I appreciate your critique of the single lead head pastor. At the same time, most churches simply will not move away from this model. Are there any thoughts you might have along the lines of, "If you must have a single lead pastor, then at least adopt these practices…"?

    1. yeah … I changed it. I couldnt’ decided whether I wanted to make myself the object or the subject in the title (since it’s not a complete sentence)

        1. This is a culture change we’re discussing. So I think the problems of the senior pastor ‘model’ can be lessened with the senior pastor shaping a different culture in his or her church. There are many things he or she can do. Include other pastors alongside in the preaching task. Create communities gathering in homes as central to the life of the church. In the end, however, maintaining a senior pastor in the typical icon role works against the culture change.

  5. The issue is not the insular family, but legalism. Every pastor bar one of my father’s seminary class of 1950 left the ministry after an affair… long before James Dobson showed up. Your commentary regarding the inability for a pastor to deal with weakness is spot on… your criticism of Dobson is not. We raised our family learning from focus on the family, but not living as legalists. The fruit was good.

    1. Maybe this: "the insular family can be a contributing factor" … I’ve seen it time and time again not just related to adultery, but the inability/unwillingness/deeply held belief that the insular family is the sole place where community/accountability happens (and on the accountability perhaps doesn’t happen) for the almighty Pastor.

  6. David

    You write…
    “1.) Demythologize the Single Head Lead Pastor and instead develop a core group of three to five pastors that lead communally in mutual submission one to another where they all meet regularly to live life as sinners before one another.”

    But, wouldn’t having “a core group of three to five pastors that lead communally…”
    Also be a myth?

    I mean, in the Bible…
    Can you name one group of believers who had one pastor? Or five pastors? Leading?
    ———–

    And, wouldn’t having someone who called them self, had the “Title,” pastor, and leader…
    Also be a myth?

    I mean, in the Bible…
    Can you name one of His Disciples who called them self pastor? Or shepherd? Or leader?
    Can you name one of His Disciples who took the “Title” pastor? Or shepherd? Or leader?
    Can you name one of His Disciples who called another Disciple pastor/shepherd/leader?
    ———–

    Seems life as one of His Disciples is often a MYTH… 😉

    Sometimes a MYTHtory

    Sometimes a MYTHconception

    Sometimes a MYTHstake

  7. The American love affair for all things celebrity which has taken deep root in evangelicalism in form of the "personality driven church" is a malignancy. The identity of the church becomes so closely linked to the identity of the guy preaching every Sunday that when that guy is gone (for whatever reason) a good portion of the church immediately falls away and others weep or get angry for what they have lost. Without "the personality" in place they don’t know what to make of the church. They simply do not know who they are as the people of God in our part of the story. They’ve somehow been satisfied to live vicariously through the upfront personality.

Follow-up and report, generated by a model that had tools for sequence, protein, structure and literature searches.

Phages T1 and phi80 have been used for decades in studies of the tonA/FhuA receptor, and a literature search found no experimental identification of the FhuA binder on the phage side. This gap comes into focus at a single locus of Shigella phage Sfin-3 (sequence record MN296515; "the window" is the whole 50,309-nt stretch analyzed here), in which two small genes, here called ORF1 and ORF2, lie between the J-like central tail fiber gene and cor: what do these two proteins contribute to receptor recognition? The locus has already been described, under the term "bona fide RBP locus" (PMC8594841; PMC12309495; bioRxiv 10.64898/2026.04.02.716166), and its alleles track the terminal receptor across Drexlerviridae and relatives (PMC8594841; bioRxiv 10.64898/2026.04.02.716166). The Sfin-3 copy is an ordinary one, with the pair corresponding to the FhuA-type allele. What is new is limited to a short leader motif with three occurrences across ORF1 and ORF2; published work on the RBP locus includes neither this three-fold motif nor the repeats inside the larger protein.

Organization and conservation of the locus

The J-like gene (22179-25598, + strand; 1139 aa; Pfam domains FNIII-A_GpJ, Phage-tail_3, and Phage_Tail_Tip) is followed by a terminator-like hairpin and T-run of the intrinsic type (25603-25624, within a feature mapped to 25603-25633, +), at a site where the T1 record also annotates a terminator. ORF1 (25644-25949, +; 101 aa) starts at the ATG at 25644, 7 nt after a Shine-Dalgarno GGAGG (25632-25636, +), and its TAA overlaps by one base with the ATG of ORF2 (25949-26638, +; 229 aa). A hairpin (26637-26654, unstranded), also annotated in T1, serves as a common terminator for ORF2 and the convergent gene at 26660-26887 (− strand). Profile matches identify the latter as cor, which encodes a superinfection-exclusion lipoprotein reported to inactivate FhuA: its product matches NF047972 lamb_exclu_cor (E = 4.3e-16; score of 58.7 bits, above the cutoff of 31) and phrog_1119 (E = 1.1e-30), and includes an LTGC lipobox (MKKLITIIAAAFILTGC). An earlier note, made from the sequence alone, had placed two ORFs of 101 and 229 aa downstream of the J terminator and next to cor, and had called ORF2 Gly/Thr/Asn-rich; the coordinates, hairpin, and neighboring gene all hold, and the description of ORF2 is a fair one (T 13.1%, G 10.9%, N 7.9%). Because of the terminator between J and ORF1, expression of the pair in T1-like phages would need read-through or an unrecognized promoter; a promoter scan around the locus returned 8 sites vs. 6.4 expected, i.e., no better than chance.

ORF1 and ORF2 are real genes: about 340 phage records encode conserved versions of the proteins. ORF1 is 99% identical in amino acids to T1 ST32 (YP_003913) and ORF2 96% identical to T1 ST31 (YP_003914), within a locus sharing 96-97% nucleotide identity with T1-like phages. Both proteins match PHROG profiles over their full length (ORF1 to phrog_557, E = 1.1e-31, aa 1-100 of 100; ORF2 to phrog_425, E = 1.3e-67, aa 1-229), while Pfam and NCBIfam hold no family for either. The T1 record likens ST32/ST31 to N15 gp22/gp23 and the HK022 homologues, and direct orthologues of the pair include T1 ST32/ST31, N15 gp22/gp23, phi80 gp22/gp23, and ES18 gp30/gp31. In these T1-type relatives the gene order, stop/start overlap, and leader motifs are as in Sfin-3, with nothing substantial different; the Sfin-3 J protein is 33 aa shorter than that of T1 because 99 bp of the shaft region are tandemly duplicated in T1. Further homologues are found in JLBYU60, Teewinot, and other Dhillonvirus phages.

It doesn’t have to be that way. But to lead and form a body of people another way is deeply counter-cultural in America. Most simply prefer to be successful in terms of the world or, even more sadly, don’t know there is a difference.

  8. Point #1 doesn’t work for 80% or so of churches that are small and can only afford one hired pastor. The real myth is that there is a benefit to the church for at least one man to never work in the marketplace so he can devote "full time" just to the church. This "full-time" pattern is a myth.
    1. When one man works "full time" for the church, many men will work zero time for the church. This reality is played out in every single church with even one hired man. This is the fault of the system. The men are trained by the system to be lazy. I can elaborate on this.
    2. Paul speaks to his teaching and modeling the opposite of this. Acts 20; 1 Cor 9 (the whole chapter); 2 The. 3; 2 Cor 11; 2 Cor 12. Working in the marketplace is ministry. 1 Cor 15:58; Col 3:23 and others. Paying even one man is what demands many people in one room. What happens in that room is mostly one-way communication. One way communication plus many people are two strikes against "one another" oriented community. The third strike is that church life is divorced from the home where "hospitality" takes place. Hospitality is rare when church is separated to a separate campus. This is very hard for Bible experts to grasp. I have to say they are addicted to church in a separate building with one man lecturing the Bible in perpetual dependency mode and calling it teaching or preaching.

    Additional myth: The man who knows the most Bible, and has been trained in the institutionalized practice of mostly ceremonialized faith will be the most mature man in the fellowship.